Registered Nurse Alexis Gaines takes care of a patient in the PICU, where nurses won their unit a Beacon Award for Excellence from the American Associaton of Critical-Care Nurses. The award recognizes care as well as work environment and the nursing workforce.

Every year since 2015, the Medical Center’s numeric scores have risen from the 2015 Leapfrog level, going from 1.846 to this year’s score of 3.1806. UMMC’s 2022 Leapfrog score was a C.

“With all the distractions we’ve had the past few years, we’ve made steady, sustained progress,” Woodward said, “and that is something to be so proud of.”

This outcome is the result of the efforts of thousands of people, Woodward said. “We are tracking things that are measurable, and we are transparent about it. There’s a different level of accountability and expectations. … Our culture changed.”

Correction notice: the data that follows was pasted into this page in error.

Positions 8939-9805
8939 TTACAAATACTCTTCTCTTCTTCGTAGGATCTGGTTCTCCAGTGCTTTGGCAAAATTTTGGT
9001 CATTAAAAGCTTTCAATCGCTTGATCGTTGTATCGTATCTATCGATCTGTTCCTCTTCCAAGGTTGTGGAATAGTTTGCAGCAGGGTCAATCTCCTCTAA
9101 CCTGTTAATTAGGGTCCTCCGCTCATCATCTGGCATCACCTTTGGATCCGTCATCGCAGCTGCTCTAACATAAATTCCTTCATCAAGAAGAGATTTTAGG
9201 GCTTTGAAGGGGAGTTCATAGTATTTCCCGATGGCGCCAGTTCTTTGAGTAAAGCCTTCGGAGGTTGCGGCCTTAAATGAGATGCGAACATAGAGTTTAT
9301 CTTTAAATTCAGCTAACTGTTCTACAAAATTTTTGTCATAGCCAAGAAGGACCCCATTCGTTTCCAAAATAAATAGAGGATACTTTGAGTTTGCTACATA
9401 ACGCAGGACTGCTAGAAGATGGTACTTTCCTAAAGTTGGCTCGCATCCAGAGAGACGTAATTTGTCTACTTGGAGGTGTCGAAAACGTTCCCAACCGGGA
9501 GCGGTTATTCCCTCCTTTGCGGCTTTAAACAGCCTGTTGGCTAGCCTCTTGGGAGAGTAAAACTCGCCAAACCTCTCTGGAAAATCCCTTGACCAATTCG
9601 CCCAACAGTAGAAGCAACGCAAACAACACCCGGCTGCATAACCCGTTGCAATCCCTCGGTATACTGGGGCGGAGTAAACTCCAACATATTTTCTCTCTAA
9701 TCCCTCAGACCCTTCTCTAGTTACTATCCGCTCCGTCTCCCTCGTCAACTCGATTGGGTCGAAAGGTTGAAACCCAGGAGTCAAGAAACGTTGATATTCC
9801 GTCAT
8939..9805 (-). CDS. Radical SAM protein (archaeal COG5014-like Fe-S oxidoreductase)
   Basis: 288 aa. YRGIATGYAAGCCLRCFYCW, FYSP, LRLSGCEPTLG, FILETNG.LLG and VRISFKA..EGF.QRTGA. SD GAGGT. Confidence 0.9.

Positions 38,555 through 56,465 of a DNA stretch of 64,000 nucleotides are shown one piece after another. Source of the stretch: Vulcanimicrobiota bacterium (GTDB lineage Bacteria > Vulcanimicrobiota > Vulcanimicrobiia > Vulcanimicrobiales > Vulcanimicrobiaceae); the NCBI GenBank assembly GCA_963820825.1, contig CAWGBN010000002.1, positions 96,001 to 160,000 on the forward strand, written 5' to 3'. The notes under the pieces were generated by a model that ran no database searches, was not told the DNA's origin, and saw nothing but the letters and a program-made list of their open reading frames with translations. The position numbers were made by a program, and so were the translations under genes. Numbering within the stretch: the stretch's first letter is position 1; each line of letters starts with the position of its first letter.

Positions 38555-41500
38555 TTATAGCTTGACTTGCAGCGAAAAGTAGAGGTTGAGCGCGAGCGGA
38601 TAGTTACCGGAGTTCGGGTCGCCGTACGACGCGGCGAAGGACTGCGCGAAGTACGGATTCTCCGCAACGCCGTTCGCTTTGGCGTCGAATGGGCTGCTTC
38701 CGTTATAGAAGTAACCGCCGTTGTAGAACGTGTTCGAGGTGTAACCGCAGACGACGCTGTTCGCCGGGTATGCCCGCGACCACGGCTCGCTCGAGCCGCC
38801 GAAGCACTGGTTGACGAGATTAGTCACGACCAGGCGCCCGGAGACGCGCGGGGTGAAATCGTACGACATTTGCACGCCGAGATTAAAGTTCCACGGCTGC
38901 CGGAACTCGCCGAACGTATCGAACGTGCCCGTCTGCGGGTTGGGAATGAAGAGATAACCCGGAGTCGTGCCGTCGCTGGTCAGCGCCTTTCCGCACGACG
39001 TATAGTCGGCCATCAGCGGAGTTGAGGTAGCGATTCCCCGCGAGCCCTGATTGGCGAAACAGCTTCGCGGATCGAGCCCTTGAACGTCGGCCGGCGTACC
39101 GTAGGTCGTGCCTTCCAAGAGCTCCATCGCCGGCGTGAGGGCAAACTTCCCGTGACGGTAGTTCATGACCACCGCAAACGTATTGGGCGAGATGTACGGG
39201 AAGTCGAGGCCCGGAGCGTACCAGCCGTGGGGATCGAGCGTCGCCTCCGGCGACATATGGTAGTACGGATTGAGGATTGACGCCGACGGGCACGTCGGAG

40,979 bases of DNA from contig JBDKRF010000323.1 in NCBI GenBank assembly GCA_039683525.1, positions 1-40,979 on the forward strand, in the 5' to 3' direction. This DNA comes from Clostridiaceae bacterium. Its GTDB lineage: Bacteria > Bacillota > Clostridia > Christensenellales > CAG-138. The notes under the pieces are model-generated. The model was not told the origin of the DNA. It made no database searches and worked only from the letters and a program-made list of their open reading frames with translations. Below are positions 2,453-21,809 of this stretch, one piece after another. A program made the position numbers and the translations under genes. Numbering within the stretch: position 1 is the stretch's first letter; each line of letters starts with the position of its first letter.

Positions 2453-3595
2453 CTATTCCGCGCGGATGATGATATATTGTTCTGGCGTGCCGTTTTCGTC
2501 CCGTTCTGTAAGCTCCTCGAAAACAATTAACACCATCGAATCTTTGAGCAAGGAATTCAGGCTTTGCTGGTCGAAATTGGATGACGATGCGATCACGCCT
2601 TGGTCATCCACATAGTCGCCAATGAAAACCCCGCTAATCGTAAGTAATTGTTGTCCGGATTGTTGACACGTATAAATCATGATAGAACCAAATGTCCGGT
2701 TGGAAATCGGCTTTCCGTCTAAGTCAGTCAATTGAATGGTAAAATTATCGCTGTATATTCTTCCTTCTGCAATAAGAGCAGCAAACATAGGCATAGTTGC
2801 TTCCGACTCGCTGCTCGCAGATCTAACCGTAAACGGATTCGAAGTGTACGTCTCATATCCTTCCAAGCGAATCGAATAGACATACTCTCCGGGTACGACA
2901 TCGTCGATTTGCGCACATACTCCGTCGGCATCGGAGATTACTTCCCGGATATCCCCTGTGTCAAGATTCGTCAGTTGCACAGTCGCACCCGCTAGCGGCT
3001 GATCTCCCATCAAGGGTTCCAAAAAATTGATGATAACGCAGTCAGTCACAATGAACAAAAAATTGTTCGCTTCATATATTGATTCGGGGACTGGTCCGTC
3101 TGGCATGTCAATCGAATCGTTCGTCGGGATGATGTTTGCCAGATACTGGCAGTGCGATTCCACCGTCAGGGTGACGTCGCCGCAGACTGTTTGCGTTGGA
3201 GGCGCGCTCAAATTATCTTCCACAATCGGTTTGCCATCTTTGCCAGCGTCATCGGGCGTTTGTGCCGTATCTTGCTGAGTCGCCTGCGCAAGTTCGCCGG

The impact of that culture change wasn’t just on the metrics measured by Leapfrog, she said. “It’s across the organization.”

Lisa Didion

Didion agrees. “UMMC has completely changed the way that it looks at its clinical quality,” she said. “It has become the number one priority of everything that we do. You can see it by the way people walk through the halls. Most importantly, you can see it by the way our patients receive their care and the outcomes that we've had.”

UMMC’s quality improvement journey includes the entire care team, said Dr. Alan Jones, associate vice chancellor for clinical affairs.

Alan Jones